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Homework Help: Have I solved this ODE correctly?

  1. Oct 24, 2011 #1
    1. The problem statement, all variables and given/known data
    y' + siny + xcosy + x = 0

    3. The attempt at a solution
    well, I've used Weierstrauss substitutions: siny = 2t/(1+t^2) , cosy = (1-t^2)/(1+t^2) , dy = 2dt/(1+t^2) where t=tan(x/2).

    2/(1+t^2)dt + 2t/(1+t^2)dx + x(1-t^2)/(1+t^2)dx + xdx = 0
    2dt + 2tdx + x(1-t^2)dx + x(1+t^2)dx = 0
    2dt + (2t + x(1-t^2) + x(1+t^2))dx = 0
    2dt + (2t + x - xt^2 + x + xt^2)dx = 0
    2dt + (2t + 2x)dx = 0
    dt + (t+x)dx = 0

    well, if I multiply e^x to both sides, it'll be an exact differential and after integrating I'll have:
    te^x + xe^x - e^x + C. after substituting t= tan(x/2) we obtain:
    e^x(tan(y/2) + x - 1) + C.

    well, this is a problem that our professor gave in the last lecture for extra score in the final exam. so I wanna be sure that I've solved it and my method is correct.
    Is it correct if I substitute t=tan(x/2)? because the original problem is defined everywhere but after I use Weierstrauss substitutions then I should restrict x to the x's that are defined. (x=pi and -pi are obviously not defined now). Wouldn't that cause problems?
     
  2. jcsd
  3. Oct 24, 2011 #2

    Mark44

    Staff: Mentor

    You should have an equation. Is it te^x + xe^x - e^x + C = 0?
    You can check your solution yourself. Differentiate your final equation implicitly, and substitute into your differential equation.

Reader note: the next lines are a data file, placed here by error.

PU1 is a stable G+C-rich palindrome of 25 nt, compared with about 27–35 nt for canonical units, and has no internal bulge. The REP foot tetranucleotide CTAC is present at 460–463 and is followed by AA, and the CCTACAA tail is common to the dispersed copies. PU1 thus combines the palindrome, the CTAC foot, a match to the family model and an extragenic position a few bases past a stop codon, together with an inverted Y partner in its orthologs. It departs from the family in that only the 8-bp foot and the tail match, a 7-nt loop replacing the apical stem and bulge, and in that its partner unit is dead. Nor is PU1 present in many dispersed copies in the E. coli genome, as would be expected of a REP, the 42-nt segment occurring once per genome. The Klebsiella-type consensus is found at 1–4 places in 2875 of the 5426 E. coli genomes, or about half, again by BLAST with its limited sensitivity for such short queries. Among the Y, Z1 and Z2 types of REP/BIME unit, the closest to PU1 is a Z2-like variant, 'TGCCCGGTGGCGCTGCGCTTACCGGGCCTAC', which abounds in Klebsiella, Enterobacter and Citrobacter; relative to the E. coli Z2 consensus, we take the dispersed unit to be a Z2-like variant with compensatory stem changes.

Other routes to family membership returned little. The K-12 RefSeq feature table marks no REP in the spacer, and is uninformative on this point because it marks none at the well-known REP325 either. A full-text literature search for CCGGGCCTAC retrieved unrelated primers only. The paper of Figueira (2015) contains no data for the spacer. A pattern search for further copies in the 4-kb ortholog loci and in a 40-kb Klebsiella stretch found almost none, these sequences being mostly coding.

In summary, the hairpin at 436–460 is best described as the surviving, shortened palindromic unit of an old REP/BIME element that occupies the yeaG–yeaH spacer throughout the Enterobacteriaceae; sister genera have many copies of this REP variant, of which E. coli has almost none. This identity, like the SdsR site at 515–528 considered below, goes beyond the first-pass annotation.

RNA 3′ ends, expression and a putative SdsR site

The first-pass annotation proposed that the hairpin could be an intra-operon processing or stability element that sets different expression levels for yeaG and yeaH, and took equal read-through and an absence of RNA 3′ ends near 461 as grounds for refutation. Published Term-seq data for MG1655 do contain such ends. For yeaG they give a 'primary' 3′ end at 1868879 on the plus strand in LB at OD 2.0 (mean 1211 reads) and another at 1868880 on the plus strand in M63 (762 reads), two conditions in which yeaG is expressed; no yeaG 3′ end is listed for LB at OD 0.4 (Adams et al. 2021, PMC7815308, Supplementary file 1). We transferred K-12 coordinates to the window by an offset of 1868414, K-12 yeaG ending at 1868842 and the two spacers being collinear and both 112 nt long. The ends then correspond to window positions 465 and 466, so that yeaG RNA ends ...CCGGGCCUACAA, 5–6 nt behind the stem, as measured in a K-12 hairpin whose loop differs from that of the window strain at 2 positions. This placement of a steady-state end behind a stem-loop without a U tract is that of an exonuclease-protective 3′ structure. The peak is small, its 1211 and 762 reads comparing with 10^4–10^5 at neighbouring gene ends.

4. Oct 24, 2011 #3
    Yea. It's te^x + xe^x - e^x + C = 0. (I had written only the answer of the integration).

    Of course, but that would be terribly tedious.
     
  5. Oct 24, 2011 #4

    Mark44

    Staff: Mentor

    So it's OK for us to do the tedious work of checking, but not you?
     
  6. Oct 24, 2011 #5
    lol. I'm asking you to check if I've done it correctly. that means I'm asking others to see whether what I've done makes sense to them or not.
     
  7. Oct 24, 2011 #6

    Mark44

    Staff: Mentor

    Who are you going to ask for a problem on a test? Checking your solution is a good habit to get into when you're solving differential equations.
     
  8. Oct 24, 2011 #7
    well, that's a good advice. I checked my solution and it worked. but there is one question remained to be answered. There are points like x=pi where tan(x/2) is not defined. those points certainly need to be taken care of I think. How should I treat those points?
     
  9. Oct 25, 2011 #8
    well, I realized that I'll have to treat the points of the form y=2kπ + π separately (because for such points tan(y/2) is not defined and I'm missing some solutions of the ODE for that reason). if I plug y=2kπ+π into the equation I'll obtain:

    y' + sin(2kπ+π) + xcos(2kπ+π) + x = 0
    y' + 0 + x(-1) + x = 0 -> y' = 0 which means y = C.

    Do I need to find what C is?
     
  10. Oct 26, 2011 #9
    Any ideas?
     
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